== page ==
Introducing Synapsis

Dear Readers, Thank you! Editing, producing, designing (and reading!) this journal has been exceptionally gratifying. We are thankful for the bright and bold writers who each week step out of the confines of their traditional disciplines. We are thankful for being introduced to new ideas, artistic works and academic texts. And we are thankful for…

The Cult of the Invalid: Industrial Underpinnings

In the first part of this three part essay, I examined the Enlightenment origins of “nervous illness” as a reaction to the development of rationalist scientific development. “Nerves” and neurasthenia challenged medicine’s increasingly mechanistic view of the body, and of illness as the breakdown of the body’s machinery. In this section, I will turn to…

Review: “Quackery” highlights history of trusting medical experts

Emilie Egger // Review of Lydia Kang and Nate Pedersen. Quackery: a Brief History of the Worst Ways to Cure Everything. New York: Workman Publishing Company, Inc. 2017. The publishers of Quackery promise “67 shocking but true medical misfires that run the gamut from bizarre to deadly,” and the book’s authors are well-suited to this…

“They’re Saying This Over Me”: Neutralizing the (White) Doctor’s Gaze

Marcus Mosley //  My mother tells me that in a New York hospital in 1994, there were two distinct sections in the maternity ward. One section consisted of “white ladies” having normal babies, and the other side, unofficially labeled the “reject section,” consisted of mostly black women from the nearby prison having not normal babies….

Bodies in Stone I

Calloway Scott // In an earlier post, I sketched the rise and characteristic features of Hippocratic medicine in the 5th century BCE. There I was interested in the peculiar forms of technical authority the Hippocratic practitioner developed over the bodies of his patients. I noted that the creation of such technical authority created a specific set…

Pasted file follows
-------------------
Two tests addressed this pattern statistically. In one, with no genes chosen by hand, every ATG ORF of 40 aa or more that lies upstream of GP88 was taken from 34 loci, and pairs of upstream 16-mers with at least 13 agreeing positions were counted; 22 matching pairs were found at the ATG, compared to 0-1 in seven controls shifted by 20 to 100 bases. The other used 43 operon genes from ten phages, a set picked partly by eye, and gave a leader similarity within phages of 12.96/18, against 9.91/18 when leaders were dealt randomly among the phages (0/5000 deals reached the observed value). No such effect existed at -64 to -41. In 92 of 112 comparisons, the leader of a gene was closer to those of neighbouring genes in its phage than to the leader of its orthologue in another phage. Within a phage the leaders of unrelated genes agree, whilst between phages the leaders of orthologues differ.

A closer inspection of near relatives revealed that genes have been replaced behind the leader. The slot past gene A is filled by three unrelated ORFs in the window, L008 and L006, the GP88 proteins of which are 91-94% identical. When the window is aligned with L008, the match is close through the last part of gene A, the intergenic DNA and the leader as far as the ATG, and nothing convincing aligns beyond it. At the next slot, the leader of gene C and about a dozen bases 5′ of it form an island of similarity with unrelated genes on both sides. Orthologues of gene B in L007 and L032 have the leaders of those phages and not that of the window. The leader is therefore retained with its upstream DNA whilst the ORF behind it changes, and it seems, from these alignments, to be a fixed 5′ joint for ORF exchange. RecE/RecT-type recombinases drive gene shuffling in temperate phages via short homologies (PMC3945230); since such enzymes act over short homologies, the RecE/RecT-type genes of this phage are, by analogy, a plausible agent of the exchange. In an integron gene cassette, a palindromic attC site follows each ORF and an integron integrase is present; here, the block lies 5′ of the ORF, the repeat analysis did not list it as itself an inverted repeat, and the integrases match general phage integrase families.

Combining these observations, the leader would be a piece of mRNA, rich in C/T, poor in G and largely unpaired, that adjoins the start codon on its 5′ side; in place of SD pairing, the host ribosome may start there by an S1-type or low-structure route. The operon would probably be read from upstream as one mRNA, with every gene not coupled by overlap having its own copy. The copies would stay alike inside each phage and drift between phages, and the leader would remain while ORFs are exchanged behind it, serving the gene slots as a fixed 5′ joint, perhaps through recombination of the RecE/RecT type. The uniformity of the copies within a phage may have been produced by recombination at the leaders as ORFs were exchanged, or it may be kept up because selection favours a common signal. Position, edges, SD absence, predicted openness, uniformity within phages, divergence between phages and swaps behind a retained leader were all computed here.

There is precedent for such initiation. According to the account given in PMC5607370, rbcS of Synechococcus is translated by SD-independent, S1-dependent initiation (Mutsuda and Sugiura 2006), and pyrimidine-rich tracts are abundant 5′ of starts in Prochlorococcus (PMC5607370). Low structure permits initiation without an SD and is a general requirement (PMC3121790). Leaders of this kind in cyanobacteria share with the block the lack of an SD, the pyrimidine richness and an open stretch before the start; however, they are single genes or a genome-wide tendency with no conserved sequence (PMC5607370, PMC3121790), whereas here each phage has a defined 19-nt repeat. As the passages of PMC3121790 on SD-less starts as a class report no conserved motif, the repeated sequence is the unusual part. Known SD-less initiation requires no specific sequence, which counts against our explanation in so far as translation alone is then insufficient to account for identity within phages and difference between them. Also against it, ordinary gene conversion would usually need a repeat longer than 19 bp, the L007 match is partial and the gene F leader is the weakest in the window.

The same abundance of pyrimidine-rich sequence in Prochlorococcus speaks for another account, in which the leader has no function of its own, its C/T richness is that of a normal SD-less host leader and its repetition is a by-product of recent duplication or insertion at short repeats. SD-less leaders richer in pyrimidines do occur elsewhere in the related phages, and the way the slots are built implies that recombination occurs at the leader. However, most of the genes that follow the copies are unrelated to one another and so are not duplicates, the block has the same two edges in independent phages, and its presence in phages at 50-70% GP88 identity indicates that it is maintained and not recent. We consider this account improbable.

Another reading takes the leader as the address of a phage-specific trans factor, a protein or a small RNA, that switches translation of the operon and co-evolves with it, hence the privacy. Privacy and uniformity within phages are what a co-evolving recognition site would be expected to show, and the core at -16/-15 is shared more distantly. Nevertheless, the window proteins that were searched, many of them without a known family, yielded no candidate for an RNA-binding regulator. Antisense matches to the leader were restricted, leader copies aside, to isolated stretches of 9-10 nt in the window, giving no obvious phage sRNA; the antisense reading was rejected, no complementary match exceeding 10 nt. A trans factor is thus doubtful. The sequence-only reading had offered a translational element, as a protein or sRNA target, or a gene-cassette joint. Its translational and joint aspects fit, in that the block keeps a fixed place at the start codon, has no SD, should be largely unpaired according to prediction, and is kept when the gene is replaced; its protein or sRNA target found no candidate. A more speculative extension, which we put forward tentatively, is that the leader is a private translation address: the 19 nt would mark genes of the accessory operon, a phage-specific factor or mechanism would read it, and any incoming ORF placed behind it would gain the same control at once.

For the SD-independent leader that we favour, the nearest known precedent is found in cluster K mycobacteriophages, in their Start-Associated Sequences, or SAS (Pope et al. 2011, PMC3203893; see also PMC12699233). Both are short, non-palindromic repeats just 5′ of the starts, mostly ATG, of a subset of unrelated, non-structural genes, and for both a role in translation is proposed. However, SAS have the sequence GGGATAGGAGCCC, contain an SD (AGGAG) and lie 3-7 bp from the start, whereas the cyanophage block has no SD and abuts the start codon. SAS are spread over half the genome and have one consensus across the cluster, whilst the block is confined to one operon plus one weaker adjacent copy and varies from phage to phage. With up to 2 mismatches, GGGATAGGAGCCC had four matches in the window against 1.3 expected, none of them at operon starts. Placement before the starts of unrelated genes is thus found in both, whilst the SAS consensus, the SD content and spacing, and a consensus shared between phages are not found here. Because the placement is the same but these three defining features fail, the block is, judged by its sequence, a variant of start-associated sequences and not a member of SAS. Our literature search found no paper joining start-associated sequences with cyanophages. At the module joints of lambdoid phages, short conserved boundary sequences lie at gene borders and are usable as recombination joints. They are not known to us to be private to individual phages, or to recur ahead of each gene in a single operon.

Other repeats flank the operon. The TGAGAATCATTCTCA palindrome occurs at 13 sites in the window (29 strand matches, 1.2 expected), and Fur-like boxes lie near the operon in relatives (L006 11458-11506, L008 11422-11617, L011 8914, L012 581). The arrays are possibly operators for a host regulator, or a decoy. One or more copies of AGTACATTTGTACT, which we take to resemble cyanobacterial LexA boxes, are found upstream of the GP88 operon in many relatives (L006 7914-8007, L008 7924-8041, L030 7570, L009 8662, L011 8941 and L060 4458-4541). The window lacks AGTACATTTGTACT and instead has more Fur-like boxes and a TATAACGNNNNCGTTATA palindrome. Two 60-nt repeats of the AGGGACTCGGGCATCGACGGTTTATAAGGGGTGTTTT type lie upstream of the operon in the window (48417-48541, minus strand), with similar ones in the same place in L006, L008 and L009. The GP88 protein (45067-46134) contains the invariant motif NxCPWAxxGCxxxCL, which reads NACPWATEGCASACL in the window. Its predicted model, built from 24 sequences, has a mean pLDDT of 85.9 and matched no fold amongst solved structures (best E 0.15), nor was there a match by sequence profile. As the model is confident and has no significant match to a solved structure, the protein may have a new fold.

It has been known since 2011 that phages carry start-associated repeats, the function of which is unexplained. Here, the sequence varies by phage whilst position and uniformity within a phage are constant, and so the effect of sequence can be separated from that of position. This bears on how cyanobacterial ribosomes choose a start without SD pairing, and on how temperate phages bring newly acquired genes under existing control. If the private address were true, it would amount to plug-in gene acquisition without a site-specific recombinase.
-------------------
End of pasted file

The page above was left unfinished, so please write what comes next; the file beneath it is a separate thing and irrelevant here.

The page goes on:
A Discursive-Material Analysis of Stigma As Narrated By Victims Service Providers

Chuka Nestor Emezue// How and to what extent do victim service providers (VSP) co-construct stigma in their narratives of victimhood? In speaking with several VSPs – those who provide rehabilitative services for victims of trauma – my qualitative research study (ongoing as I write) on embodied stigma and narrated victimhood has so far underscored the…

Special Issue Review: Chemistry, Disability, and Frankenstein

Diana Rose Newby // Chemistry, Disability, and Frankenstein, theme issue of Literature and Medicine, vol. 36, no. 2, fall 2018. In her introduction to the 1831 edition of Frankenstein, Mary Shelley concludes with well wishes for her creation’s second life: “And now, once again, I bid my hideous progeny go forth and prosper” (25). Today,…

The Deaf Crusaders: A Risky Prophecy

Mia Florin-Sefton //      In March 2008, The California Institute for Regenerative Medicine (CIRM) hosted a talk titled “A Spotlight on Deafness” [1]. The talk was one in a long series dedicated to discussing various conditions thought to be potentially treatable with the development of new embryonic stem cell therapies (ESC). It is noteworthy, however, that…

Sacred Space

Jennifer & April Edwell//  Where do medical and spiritual geographies overlap?